Cas inclined his head. He wasn’t expecting Sam to run up and hug him; he stood stiffly as the youngest Winchester tried to squeeze the stuffing out of him and looked to Dean as though asking what he was supposed to do.
‘Pat him on the back’, Dean mouthed. Cas did so, awkwardly, and Sam beamed up at him. “I knew you’d answer my prayers.”
Dean’s eyebrows rose. As far as he knew his family had never been very religious. “You prayed for me?”
“Yeah. I knew Cas would save you. He’s like the best angel ever!”
“I do not know if I even qualify as an angel anymore.”
“Well you watch over my son, and that is good enough for me,” Mary said warmly. “We really should do something about that leg, though. Does anyone know where Bobby keeps his first-aid kit?”
“Under the sink,” Dean said. Sam scrambled to retrieve it. “Where is Bobby, by the way?”
“Supply run,” Dad answered. “He’s gonna get the shock of his life when he comes back here to see his kitchen in this state.”
“Bobby Singer is well-accustomed to the sight of monsters,” Cas pointed out.
“Yeah, but I bet a person coming back to life doesn’t happen every day.”
“Well, this is our second resurrection in the family within a month,” Mom said. “And you’ve died once, John, and I suppose technically I have as well… We are a very strange family.”
“Ya think?” Dean quipped, a tired smirk curving his lips.
“Hush child,” Mom said, but for all her talk about wanting a normal life she was failing to hide a smile of her own. “You’ve got the kit, Sammy? Okay, good. I’ll also need some warm water and clean towels…”
Dean let himself slip into a state of semi-awareness as his Mom went to work cleaning and dressing his wound. He was used to his body being pieced back together in instants but he didn’t mind having to heal the slow way. It meant he was alive and human again.
In the meantime, Dad set about removing the demon’s corpse from the kitchen.
“Who or what was that thing, anyway?” Dad asked, washing his hands thoroughly in the kitchen sink after having salted and burned the creature in a shallow grave out back.
“A demon manifested in corporeal form,” Cas said.
“I don’t suppose it was Azazel?” Dad asked hopefully.
Dad sighed. “Pity. But then that would have been too easy, wouldn’t it?”
“Based on what the demon said before your timely intervention, I suspect it was Lilith. She posed an equal, or perhaps even greater threat than the yellow-eyed demon. Killing her was a significant victory.”
“Well that’s something, then. And it is good to know that the Colt definitely works. We were looking for a test subject, so it was very convenient of you to bring one back with you. But please tell me that is the worst to come of this.”
Dean hung his head in shame. “Actually, Dad… I might have started the Apocalypse.”
He could feel the weight of his family’s gazes.
“Apocalypse as in…?”
“The end of the world. Pretty sure, yeah.”
“Um, okay – what? How?”
“It is a long story,” Cas said. “And not one that needs to be told right now. By killing Lilith we have bought ourselves some time. I doubt our enemies will be willing to let their plans be disrupted so easily, but it may take a while for them to come up with a contingency. We should let Dean rest.”
“I’m fine,” Dean tried to say, but Dad had already scooped him up.
“Come on, son, bed time.”
Dean couldn’t remember the last time his Dad had carried him to bed. The teenager in him should have been mortified, but the reality was that his leg was not up to much walking and the child who had grown up too fast was absurdly grateful to be in the safety of his father’s arms.
He was asleep before his head hit the pillow.
Bobby slowly pushed the bedroom door open.
He had come home from the grocery store to be greeted with the funky smell of a crisped demon, rushed inside to check that everyone was okay and found the three Winchesters sitting casually around his kitchen table. For the past two weeks the atmosphere of grief in his house had been almost tangible and it was noticeably missing when he walked in. As soon as Sam had seen him he had run over with a squeal of “Dean’s back!” and Bobby wouldn’t have believed it if the kid’s parents hadn’t backed up his story.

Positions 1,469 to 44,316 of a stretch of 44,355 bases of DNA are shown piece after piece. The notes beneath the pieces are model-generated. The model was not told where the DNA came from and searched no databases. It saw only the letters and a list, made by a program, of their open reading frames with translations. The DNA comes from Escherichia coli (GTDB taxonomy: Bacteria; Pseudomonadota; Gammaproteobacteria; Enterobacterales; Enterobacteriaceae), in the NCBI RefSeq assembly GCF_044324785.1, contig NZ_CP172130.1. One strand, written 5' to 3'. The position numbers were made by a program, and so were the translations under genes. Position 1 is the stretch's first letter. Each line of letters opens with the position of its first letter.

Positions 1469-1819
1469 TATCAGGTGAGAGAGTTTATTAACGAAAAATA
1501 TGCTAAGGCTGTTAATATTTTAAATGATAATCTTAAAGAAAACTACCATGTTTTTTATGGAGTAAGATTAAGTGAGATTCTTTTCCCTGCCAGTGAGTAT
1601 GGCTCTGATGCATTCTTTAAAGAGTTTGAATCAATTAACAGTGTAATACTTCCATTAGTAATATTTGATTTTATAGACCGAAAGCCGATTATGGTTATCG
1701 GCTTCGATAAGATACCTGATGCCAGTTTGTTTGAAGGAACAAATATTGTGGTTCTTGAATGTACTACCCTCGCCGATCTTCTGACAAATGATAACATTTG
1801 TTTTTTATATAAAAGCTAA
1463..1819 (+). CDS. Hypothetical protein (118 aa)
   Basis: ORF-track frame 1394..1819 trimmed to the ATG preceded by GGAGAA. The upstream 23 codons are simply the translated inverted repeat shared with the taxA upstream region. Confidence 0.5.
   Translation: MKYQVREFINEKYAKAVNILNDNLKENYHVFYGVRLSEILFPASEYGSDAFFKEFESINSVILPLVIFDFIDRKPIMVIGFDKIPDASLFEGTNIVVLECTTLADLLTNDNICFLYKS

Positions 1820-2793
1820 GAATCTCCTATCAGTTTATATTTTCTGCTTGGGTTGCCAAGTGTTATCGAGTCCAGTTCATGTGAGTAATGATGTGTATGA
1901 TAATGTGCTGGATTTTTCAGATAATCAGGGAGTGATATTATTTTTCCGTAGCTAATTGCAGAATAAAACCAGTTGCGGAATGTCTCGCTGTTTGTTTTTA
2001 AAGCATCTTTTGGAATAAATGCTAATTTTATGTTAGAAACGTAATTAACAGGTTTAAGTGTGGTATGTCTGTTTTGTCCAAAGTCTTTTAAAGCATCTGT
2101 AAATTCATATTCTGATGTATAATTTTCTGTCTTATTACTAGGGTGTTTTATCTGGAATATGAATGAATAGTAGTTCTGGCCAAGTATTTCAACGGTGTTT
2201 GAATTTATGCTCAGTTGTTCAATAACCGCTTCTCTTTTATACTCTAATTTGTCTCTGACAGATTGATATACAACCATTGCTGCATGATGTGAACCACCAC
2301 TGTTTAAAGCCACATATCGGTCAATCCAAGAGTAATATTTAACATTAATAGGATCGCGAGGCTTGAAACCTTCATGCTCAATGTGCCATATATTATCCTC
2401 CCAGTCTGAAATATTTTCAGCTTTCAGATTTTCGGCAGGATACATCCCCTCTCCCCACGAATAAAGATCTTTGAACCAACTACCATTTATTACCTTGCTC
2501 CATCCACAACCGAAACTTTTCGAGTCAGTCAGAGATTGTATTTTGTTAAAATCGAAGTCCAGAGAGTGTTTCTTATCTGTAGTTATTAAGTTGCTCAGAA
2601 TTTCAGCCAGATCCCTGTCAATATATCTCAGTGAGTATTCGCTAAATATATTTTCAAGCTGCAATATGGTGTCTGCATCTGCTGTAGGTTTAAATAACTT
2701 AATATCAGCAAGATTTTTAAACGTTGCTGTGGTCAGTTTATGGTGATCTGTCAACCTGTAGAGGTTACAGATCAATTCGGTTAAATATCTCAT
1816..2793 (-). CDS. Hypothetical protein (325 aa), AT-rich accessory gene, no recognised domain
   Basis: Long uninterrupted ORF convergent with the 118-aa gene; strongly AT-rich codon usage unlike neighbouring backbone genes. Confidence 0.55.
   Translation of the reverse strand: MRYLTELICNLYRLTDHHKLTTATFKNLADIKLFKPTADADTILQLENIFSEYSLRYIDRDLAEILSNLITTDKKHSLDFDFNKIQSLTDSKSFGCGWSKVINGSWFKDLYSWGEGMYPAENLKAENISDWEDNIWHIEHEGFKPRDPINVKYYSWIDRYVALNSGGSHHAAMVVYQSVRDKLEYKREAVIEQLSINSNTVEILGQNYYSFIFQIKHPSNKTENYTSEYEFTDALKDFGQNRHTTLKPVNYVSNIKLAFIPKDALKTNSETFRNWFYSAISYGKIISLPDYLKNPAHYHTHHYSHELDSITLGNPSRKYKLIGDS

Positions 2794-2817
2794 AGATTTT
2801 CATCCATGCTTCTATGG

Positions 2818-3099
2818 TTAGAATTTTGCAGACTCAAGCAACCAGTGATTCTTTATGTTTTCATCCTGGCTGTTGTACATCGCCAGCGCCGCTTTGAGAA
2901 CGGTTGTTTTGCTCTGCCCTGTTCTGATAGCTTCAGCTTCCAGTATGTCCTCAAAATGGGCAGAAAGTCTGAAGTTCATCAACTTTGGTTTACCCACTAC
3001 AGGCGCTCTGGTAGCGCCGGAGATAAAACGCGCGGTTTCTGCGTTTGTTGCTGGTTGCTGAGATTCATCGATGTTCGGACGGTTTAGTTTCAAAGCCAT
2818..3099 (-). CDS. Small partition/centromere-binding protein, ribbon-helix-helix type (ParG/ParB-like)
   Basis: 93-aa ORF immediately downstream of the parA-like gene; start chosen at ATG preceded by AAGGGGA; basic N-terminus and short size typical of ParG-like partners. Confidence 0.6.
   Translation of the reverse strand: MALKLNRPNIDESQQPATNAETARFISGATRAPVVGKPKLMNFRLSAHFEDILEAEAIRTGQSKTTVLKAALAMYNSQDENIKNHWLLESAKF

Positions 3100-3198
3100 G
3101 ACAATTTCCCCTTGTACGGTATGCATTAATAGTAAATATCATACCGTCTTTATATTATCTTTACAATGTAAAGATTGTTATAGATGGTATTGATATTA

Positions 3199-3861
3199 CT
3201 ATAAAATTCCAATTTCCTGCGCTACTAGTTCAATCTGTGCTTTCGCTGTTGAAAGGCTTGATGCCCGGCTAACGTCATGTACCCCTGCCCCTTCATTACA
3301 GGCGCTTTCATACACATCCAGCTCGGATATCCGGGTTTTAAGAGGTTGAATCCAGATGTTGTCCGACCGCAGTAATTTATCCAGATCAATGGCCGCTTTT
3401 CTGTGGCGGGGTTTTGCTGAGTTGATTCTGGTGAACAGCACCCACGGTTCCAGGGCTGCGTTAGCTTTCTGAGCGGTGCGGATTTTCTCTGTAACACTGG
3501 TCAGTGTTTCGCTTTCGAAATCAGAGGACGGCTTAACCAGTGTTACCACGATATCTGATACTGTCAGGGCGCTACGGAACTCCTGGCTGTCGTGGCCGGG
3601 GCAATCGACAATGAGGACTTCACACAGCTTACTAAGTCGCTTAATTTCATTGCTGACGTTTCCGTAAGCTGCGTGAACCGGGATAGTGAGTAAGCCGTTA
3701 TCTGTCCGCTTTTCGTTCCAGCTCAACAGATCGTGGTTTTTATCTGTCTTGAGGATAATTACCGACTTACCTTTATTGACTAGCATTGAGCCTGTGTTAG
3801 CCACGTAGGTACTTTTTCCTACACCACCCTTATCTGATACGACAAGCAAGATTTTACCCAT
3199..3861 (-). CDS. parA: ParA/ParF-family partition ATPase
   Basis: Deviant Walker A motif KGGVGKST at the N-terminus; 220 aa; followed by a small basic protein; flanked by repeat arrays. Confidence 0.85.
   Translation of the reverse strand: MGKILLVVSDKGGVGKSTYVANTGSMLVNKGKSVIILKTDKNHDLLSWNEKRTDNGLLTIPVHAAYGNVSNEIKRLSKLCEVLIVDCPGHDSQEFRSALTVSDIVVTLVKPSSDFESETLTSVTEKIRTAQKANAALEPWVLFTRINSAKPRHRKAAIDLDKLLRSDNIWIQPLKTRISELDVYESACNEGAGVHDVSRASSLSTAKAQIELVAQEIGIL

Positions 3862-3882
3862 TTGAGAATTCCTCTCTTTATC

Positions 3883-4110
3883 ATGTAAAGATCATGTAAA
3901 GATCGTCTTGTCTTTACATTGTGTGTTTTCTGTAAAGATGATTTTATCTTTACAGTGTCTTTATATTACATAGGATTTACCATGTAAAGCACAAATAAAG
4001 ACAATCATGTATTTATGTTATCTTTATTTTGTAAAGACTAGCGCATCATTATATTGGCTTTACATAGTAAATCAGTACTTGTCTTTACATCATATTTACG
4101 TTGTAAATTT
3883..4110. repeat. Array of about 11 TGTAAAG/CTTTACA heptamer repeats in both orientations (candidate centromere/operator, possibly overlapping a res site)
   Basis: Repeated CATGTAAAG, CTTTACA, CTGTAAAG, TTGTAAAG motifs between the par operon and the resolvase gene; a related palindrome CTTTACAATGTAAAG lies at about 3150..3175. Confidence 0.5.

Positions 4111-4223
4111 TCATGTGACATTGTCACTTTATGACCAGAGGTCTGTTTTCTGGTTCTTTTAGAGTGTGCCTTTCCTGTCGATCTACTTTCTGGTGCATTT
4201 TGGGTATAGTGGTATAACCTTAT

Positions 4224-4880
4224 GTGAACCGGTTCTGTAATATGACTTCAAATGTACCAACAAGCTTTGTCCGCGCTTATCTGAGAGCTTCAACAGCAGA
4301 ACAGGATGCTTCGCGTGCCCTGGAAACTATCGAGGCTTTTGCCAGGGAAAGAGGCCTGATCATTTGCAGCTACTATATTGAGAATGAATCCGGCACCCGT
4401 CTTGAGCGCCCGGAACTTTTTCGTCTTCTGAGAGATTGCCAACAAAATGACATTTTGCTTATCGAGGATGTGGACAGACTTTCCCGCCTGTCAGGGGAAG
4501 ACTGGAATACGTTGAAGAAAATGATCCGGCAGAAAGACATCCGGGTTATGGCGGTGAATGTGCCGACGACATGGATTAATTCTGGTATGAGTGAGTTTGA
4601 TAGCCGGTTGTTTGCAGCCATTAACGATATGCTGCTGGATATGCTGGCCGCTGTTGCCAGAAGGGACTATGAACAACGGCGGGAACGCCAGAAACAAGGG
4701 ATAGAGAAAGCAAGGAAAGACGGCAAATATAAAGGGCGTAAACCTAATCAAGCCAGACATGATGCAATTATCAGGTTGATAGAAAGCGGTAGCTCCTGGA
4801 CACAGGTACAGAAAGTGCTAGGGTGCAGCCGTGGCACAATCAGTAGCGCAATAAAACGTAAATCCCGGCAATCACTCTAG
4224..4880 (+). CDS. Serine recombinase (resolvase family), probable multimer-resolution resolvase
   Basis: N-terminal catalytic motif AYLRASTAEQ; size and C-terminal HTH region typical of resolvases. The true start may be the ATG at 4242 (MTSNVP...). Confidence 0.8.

Even after they had told him everything that had happened, it still felt too good to be true.
Bobby was no stranger to loss. When his wife died a part of him kept expecting her to walk through the door and tell him that it had all just been a bad dream. Eventually he had been forced to come to terms with the fact that people couldn’t come back from the dead – unless it was as a monster.
Dean’s death had been a cruel reminder of that fact.
Everything within him had wanted to find a way to save the kid who had become like a son to him. Bobby had hardly slept since he was told the news; he stayed awake late into the night every night to do research, hoping against hope that he could find a way to break Dean out of Hell. But there was no way.
He drank when no one was around to see him, trying to numb himself to the reality of a world where innocent children could be butchered by monsters, trying to resign himself to the knowledge that Dean was gone forever.
So it was difficult to accept that Dean could really be home safe. Bobby had to see it with his own eyes.
The bedroom door swung open. Light filtering in from the hallway gently illuminated the mound of covers on the bed that was snoring softly.
Bobby moved closer until he could see the tuft of light brown hair and the smattering of freckles across his nose.
It was Dean. It was really him.
Bobby exhaled long and slow. He had never been more relieved to see someone in his entire life.
He sat on the edge of the mattress, giving himself a moment to soak in the sight of Dean alive and breathing and at peace. He absently smoothed the creases of the blanket and silently thanked God – actually, not God, Cas – for Dean’s safe return.
“You are welcome,” a deep voice intoned.
Bobby nearly leapt out of his skin. He had been so focused on Dean that he hadn’t noticed the angel standing in the corner. “Cas. What are you doing here?”
“Watching over him,” the angel answered simply. “I have no intention of ever again leaving his side.”
Bobby didn’t have to ask why Cas had ever left in the first place, because he knew the angel would not have gone willingly. He cared about Dean far too much for that. Besides, he had been the one to save Dean when no one else could and Bobby was damn grateful.
“How’s he doing?” Bobby asked instead.
“For now, he rests peacefully. Our connection is such that, even with my faded Grace, I am able to watch over his dreams and keep the nightmares at bay. He is not ‘okay’ by any human definition, but given time I believe he will recover from this ordeal.”
“He’s a strong kid.”
“Yes he is.”
Bobby gently ruffled Dean’s hair and he shifted, bleary eyes blinking open.
“Sorry, kid, I didn’t mean to wake you,” Bobby whispered.
Dean sat up and threw his arms around him.
Bobby hugged him back just as tightly. “Welcome home, Dean.”